Airbus dusts off its plans for a new A320 final assembly line (FAL) in Toulouse. A year after the plan was mothballed due to the effects of the Covid-crisis, the former A380 Final Assembly Line in the Lagardère building will be transformed into a combined A320neo/A321neo FAL. The new line should be operational by the end of 2022.
Just before the effects of the pandemic on the airline industry became apparent, Airbus was preparing for an aggressive ramp-up of its A320 capacity to 63 aircraft per month. At the time, CEO Guillaume Faury didn’t rule out a further ramp-up to seventy aircraft if needed.
The existing assembly lines in Toulouse and Hamburg were nearing maximum capacity. At the same time, production issues specific to the A321neo caused serious delays in Hamburg. The introduction of a new digital and more robotized FAL4 in Hamburg also took longer.
So when it was decided in February 2019 that the production of the A380 would be terminated, an opportunity opened up to convert the dedicated A380 Lagardère assembly line into a single-aisle line. The plan was in its initial phase when Covid kicked and Airbus reduced its production capacity by forty percent. Faury put the plan on hold until further notice was A320-family production rates tumbled to forty per month. When the last A380 (MSN272) left FAL in September 2020 (see main picture), the huge Lagardère building (490x250x46 meters) stood empty.
The Jean-Luc Lagardère final assembly line stands empty since the last A380 left in September. (Airbus)
A year on since Covid, Airbus is preparing a steady ramp-up of the A320-family again. While the airline industry is still suffering heavily from lockdowns and travel restrictions, the airframer is seeing steady demand as it works through its backlog of 2.630 A320neo’s, 22 A320ceo’s, 2.954 A321neo/LR/XLRs, eighteen A321ceo’s, seventy A319neo’s, and three A319ceo’s (status: April 30). During the first quarter-results presentation in April, Faury confirmed that the rate will increase to 43 per month in Q3 and to 45 in Q4.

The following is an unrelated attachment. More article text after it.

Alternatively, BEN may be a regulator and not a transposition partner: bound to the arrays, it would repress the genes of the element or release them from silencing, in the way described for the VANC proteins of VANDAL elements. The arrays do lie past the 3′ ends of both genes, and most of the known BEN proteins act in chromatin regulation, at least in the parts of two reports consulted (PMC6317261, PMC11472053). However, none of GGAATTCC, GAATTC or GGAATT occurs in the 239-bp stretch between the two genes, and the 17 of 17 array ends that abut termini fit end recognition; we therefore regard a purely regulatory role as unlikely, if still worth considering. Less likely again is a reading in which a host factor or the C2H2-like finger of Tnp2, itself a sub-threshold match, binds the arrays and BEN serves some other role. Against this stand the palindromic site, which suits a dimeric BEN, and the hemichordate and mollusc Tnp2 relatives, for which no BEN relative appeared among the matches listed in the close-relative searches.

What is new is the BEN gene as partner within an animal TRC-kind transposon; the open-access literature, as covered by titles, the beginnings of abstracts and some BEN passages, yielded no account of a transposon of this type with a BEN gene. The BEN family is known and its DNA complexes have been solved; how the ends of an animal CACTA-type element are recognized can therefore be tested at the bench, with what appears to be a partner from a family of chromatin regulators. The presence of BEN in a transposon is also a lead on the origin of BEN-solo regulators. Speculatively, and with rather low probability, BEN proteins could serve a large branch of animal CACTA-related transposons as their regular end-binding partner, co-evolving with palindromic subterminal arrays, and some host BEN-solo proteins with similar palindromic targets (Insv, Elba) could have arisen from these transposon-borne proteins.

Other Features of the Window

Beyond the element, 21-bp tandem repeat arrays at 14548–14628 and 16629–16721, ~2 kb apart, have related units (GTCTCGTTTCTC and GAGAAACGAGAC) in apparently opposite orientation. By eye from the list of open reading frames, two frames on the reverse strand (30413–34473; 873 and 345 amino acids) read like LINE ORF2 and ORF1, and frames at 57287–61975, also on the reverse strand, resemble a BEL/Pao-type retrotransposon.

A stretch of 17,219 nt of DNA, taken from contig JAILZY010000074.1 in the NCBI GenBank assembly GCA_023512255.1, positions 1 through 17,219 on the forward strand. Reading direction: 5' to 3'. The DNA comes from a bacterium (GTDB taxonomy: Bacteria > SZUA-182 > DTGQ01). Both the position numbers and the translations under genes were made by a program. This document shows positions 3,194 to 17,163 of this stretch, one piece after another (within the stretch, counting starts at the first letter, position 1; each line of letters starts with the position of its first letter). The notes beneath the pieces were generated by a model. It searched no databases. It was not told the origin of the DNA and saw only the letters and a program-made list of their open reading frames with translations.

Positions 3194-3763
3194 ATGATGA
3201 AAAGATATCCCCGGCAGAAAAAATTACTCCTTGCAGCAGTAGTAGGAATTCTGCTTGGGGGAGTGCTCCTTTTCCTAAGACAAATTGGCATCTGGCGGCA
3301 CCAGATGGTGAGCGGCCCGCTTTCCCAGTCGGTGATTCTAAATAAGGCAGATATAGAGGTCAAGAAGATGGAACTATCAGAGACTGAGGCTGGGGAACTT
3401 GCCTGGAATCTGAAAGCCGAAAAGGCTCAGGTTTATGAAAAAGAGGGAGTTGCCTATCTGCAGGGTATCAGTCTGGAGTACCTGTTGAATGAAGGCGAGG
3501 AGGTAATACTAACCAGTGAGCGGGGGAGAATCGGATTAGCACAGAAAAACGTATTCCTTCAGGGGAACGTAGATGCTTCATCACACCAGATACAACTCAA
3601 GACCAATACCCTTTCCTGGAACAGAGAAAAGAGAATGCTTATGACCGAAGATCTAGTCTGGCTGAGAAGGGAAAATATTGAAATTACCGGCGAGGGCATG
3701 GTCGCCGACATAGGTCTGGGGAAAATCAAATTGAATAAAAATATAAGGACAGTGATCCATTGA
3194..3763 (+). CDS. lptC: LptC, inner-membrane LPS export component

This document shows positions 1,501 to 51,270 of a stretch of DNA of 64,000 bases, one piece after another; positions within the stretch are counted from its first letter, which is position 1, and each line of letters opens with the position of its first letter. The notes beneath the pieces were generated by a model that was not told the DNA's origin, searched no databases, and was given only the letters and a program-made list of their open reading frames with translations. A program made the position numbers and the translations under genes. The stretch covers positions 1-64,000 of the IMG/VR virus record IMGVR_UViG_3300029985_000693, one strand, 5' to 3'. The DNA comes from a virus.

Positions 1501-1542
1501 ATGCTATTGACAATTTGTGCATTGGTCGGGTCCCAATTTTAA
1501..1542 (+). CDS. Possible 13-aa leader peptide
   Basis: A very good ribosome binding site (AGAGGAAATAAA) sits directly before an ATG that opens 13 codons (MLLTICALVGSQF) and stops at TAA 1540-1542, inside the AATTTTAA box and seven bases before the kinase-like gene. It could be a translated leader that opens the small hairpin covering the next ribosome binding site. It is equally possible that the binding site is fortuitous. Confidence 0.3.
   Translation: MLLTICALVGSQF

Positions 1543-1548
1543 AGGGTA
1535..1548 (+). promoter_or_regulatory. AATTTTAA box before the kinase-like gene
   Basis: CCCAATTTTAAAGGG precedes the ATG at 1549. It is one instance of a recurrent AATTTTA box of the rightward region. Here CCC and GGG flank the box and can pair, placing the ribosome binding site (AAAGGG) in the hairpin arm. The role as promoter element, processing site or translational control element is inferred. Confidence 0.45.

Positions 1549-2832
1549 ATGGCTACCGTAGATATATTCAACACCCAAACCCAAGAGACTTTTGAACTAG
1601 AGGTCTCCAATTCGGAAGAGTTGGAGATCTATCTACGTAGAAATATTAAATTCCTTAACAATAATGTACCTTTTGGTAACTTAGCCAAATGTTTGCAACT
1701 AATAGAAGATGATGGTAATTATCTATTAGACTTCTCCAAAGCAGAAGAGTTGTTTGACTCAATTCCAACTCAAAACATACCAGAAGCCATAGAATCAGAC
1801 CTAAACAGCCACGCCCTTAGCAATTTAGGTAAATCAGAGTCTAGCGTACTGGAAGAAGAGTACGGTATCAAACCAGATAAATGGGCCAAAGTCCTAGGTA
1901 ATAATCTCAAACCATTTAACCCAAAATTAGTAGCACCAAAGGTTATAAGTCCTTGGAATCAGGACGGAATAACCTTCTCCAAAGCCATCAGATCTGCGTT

In its press release today, Airbus says: “Now, with market recovery insight and a potential return to pre-COVID production rates for single-aisle aircraft between 2023 and 2025, Airbus is resuming its activities for the project.” This means a return to rate sixty in two years’ time.
Slight change of the original plan
To be ready for this, Airbus has pushed the button to resume preparations for the Lagardère facility. But there is a slight change to the original plan. Last year, it was announced the new FAL would assemble only A321neo’s, the type accounting for over fifty percent of the backlog and a bright future. Today, Airbus says the FAL will be a combined A320/A321-line as it replaces an older A320-line in Toulouse as well. As soon as the new FAL is operational, the other existing line in Toulouse will be modernized, so there will be two A320-lines in France as before.
As the plan for the new A320 assembly line is dusted off, Airbus says it should be ready by the end of 2022. That’s in time for any further ramp-ups in 2023 or beyond. It will be a “digitally-enabled A320/A321 final assembly line”, which promises to have the latest digital and robotic tools to reduce the workload on humans, improve quality, and increase rates. Details of how many robots will be used on the new line will follow once contracts with suppliers are signed.
Once completed, Airbus will produce the A321neo at three locations: Toulouse, Hamburg, and Mobile (Alabama). The A320 is produced in Tianjin as well on a line that is a copy of the one in Hamburg, while Mobile is a copy of the Tianjin site.